For the 10-part series, she visited 12 countries and traveled more than 30,000 miles to chronicle painting from prehistoric times to Picasso.
She brought a distinctly 20th century interpretation to the work of 14th century painter Giotto — “my dear, dear Giotto” — whose paintings led the way to the Renaissance.
“Think of how dark it was outside without him, as if everyone was listening to the radio,” she said. “And suddenly he comes forward and it is, yes, like the coming of television. Suddenly people have this great color. This television.”
Explaining how the work of the tortured Vincent van Gogh resonates so strongly with people more than a century after his death, Sister Wendy said, “We are an anxious, neurotic generation, and we warm to this neurotic man, struggling so bravely to impose calm upon the turmoil of his mental stresses.”
She had an appreciation of abstract art, but she clearly preferred traditional figurative works. Her favorite artists included 17th century Spaniard Diego Velázquez — “the greatest painter the world has ever seen” — 19th century French painter Paul Cézanne and her British contemporary, Lucian Freud, who often portrayed people in fleshy, unflattering poses.
Sister Wendy was seldom overtly critical of any artists, although she cared little for the work of Spanish surrealist Salvador Dalí or the “really pathetic” modern British artist Damien Hirst, who sometimes put dead animals on display in containers of formaldehyde.
She developed a devoted following among ordinary readers and viewers, who stopped her on the street whenever she was out in public. But professional critics often dismissed her as an untutored interloper who didn’t understand modern trends in art or critical theory.
Time magazine’s Robert Hughes — the host of several competing television programs on art history — mocked her as a “relentlessly chatty pseudo-hermit with her signature teeth” whose observations were “pitched at a 15-year-old level.”
Sister Wendy said she deliberately ignored the jargon of the art world in an effort to make her presentations more accessible.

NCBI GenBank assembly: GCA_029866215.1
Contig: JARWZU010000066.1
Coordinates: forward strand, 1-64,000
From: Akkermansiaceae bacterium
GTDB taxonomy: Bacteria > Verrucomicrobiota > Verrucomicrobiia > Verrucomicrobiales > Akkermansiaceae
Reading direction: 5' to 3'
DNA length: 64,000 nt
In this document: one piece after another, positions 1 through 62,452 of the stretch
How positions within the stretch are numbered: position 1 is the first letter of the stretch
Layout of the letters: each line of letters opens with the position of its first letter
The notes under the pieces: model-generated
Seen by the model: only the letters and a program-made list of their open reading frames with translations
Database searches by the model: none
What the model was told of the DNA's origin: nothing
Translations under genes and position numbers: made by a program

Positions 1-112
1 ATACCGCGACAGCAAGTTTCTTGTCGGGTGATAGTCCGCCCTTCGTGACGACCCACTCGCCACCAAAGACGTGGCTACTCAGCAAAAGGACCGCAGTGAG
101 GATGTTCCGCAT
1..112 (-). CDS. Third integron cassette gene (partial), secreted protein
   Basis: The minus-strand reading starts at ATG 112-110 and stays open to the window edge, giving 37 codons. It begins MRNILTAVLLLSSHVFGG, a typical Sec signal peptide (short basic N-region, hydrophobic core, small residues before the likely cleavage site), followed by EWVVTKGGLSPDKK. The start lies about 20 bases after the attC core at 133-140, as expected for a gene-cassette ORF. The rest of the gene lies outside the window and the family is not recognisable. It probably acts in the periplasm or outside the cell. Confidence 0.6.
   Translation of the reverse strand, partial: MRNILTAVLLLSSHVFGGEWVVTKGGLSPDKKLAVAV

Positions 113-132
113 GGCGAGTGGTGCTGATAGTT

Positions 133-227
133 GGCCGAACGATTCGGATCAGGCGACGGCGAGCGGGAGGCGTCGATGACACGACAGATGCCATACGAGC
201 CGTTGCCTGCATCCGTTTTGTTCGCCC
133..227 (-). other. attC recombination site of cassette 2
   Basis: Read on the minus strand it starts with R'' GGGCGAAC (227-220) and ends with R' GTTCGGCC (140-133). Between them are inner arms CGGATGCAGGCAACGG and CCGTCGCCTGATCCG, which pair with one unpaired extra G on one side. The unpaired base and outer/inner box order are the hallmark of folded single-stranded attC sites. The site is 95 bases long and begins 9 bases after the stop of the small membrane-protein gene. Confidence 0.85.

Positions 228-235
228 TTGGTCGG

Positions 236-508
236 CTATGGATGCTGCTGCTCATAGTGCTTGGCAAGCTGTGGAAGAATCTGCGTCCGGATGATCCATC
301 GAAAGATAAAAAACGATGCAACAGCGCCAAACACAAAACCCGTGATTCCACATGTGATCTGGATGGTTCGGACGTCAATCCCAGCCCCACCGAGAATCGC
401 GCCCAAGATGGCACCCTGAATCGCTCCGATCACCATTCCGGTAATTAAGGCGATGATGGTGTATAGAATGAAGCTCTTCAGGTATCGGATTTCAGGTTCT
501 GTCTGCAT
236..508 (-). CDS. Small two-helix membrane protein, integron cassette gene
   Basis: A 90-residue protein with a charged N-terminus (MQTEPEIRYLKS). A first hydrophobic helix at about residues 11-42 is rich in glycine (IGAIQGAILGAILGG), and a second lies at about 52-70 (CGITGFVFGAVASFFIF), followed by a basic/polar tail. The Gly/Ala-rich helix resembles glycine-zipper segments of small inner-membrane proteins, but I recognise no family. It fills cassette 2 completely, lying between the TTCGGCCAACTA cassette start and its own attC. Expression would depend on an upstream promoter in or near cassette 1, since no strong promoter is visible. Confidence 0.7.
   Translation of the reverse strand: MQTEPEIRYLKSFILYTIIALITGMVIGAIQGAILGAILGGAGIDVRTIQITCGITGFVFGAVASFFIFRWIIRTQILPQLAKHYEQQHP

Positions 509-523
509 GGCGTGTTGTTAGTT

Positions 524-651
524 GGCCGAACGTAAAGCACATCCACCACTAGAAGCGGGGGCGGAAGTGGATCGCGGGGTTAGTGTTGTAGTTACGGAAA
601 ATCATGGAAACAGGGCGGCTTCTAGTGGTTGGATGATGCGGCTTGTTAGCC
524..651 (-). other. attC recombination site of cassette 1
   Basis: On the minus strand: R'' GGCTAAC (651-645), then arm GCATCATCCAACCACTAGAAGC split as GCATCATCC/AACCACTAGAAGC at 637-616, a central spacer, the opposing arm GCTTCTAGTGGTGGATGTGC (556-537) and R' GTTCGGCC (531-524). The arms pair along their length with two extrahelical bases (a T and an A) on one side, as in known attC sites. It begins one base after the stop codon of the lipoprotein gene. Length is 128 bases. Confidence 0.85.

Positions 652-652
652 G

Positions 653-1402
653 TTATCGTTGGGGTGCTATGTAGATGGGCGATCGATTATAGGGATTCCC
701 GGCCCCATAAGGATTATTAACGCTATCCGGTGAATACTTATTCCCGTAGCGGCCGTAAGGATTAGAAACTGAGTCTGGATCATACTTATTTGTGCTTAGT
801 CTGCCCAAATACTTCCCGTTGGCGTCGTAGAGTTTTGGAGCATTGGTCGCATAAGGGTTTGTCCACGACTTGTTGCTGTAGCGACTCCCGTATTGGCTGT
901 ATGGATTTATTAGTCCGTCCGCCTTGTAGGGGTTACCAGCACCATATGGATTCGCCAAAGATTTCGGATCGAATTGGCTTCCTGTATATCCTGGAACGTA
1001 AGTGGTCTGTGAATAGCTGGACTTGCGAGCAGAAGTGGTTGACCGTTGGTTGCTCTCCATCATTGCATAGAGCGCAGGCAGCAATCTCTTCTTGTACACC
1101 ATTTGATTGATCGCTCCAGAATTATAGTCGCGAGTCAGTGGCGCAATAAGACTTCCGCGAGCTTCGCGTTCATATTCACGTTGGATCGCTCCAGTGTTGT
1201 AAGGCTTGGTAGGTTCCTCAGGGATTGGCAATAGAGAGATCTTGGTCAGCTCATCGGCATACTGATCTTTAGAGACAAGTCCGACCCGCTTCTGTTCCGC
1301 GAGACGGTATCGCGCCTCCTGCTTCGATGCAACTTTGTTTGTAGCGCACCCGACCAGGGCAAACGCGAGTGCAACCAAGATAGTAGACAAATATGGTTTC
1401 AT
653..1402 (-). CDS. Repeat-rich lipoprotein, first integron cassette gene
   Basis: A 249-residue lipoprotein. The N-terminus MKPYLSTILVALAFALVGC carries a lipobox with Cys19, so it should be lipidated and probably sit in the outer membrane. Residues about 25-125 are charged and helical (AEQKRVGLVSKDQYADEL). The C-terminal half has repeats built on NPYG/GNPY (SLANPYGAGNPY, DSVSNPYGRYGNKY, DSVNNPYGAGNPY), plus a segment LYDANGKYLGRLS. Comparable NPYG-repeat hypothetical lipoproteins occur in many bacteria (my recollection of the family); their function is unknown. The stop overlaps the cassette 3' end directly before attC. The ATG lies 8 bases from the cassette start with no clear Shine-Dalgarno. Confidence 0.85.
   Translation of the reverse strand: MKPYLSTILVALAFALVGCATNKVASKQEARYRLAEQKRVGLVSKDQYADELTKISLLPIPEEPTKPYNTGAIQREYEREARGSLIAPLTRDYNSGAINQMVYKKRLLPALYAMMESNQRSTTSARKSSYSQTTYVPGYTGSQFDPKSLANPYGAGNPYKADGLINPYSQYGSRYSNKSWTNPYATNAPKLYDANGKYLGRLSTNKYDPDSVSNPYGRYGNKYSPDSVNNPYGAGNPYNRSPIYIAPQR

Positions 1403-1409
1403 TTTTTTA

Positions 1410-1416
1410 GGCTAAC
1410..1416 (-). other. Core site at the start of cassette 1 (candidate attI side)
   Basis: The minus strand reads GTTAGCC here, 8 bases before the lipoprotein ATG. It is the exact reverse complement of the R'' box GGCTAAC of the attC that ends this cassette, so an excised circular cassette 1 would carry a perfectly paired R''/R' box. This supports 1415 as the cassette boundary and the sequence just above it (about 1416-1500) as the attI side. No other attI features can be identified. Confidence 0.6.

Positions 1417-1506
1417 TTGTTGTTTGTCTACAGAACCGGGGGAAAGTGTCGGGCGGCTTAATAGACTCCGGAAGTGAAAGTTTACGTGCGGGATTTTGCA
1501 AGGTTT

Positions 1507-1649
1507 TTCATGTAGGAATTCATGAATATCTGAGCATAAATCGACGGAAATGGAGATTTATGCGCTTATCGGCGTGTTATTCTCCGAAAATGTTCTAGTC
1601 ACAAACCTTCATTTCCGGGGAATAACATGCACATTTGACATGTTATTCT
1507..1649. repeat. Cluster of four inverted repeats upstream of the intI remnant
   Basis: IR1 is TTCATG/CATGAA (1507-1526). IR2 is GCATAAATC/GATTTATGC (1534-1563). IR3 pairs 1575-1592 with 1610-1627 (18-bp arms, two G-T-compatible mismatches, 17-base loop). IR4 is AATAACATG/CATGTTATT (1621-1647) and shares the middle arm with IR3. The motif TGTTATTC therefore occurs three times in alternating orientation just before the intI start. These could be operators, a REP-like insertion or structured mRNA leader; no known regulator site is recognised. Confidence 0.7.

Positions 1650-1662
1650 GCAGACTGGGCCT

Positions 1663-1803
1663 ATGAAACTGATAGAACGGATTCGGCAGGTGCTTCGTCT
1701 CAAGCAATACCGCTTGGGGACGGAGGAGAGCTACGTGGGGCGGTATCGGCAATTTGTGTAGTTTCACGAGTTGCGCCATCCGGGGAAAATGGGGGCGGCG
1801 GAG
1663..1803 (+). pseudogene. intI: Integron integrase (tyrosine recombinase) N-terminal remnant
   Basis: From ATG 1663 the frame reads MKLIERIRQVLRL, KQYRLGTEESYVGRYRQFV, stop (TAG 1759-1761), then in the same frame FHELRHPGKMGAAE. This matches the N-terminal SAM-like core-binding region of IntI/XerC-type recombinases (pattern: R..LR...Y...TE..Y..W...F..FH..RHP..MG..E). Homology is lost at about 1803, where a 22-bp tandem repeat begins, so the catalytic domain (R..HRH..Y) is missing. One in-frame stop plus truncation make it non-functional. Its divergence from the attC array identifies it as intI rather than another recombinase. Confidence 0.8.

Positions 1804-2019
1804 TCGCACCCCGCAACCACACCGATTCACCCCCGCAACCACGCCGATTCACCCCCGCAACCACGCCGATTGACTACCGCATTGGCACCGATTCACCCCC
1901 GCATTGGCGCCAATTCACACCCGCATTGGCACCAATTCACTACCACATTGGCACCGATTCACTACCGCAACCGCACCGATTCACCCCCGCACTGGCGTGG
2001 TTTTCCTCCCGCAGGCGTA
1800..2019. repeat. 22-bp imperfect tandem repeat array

“I’m not a critic. I’m an appreciator,” she said in 1999. “I think great art opens us not just to the truth as an artist sees it, but to our own truth . . . You’re being invited to enter into the reality of what it means to be human.”
Wendy Mary Beckett was born Feb. 25, 1930, in Johannesburg. She soon moved with her family to Edinburgh, Scotland, where her father studied medicine. The family later returned to South Africa.
Sister Wendy read constantly as a child and entered religious life in 1946. She joined the Sisters of Notre Dame de Namur, a teaching order, and studied English literature at the University of Oxford, graduating in 1953 with highest honors. One of her professors was “Lord of the Rings” author J.R.R. Tolkien.
At Oxford, Sister Wendy maintained a vow of silence, living in a religious community and rarely speaking with her classmates. She taught in schools in South Africa from 1954 to 1970, when she began to suffer from epilepsy.
She was released from her order and lived by herself at a Carmelite monastery in northern England for the rest of her life, although she was not a member of that order.
Her final TV series, a tour of U.S. museums, appeared in 2001.
She continued to write books, including works on art history, Catholic saints and personal meditations, until 2011.
She donated all her earnings to the monastery where she lived — a monastery without a television.
Survivors include a brother.
Sister Wendy’s celebrity opened doors to world leaders, artists and journalists, and she freely indulged a taste for fine food and wine. Yet she always returned to her spartan trailer in the woods, where she prayed for hours and explored the world of art she found in books and postcards.
“I think beauty is a reflection of the light of God,” she said in a 1994 interview with NPR. “I can’t give you a better definition than that.”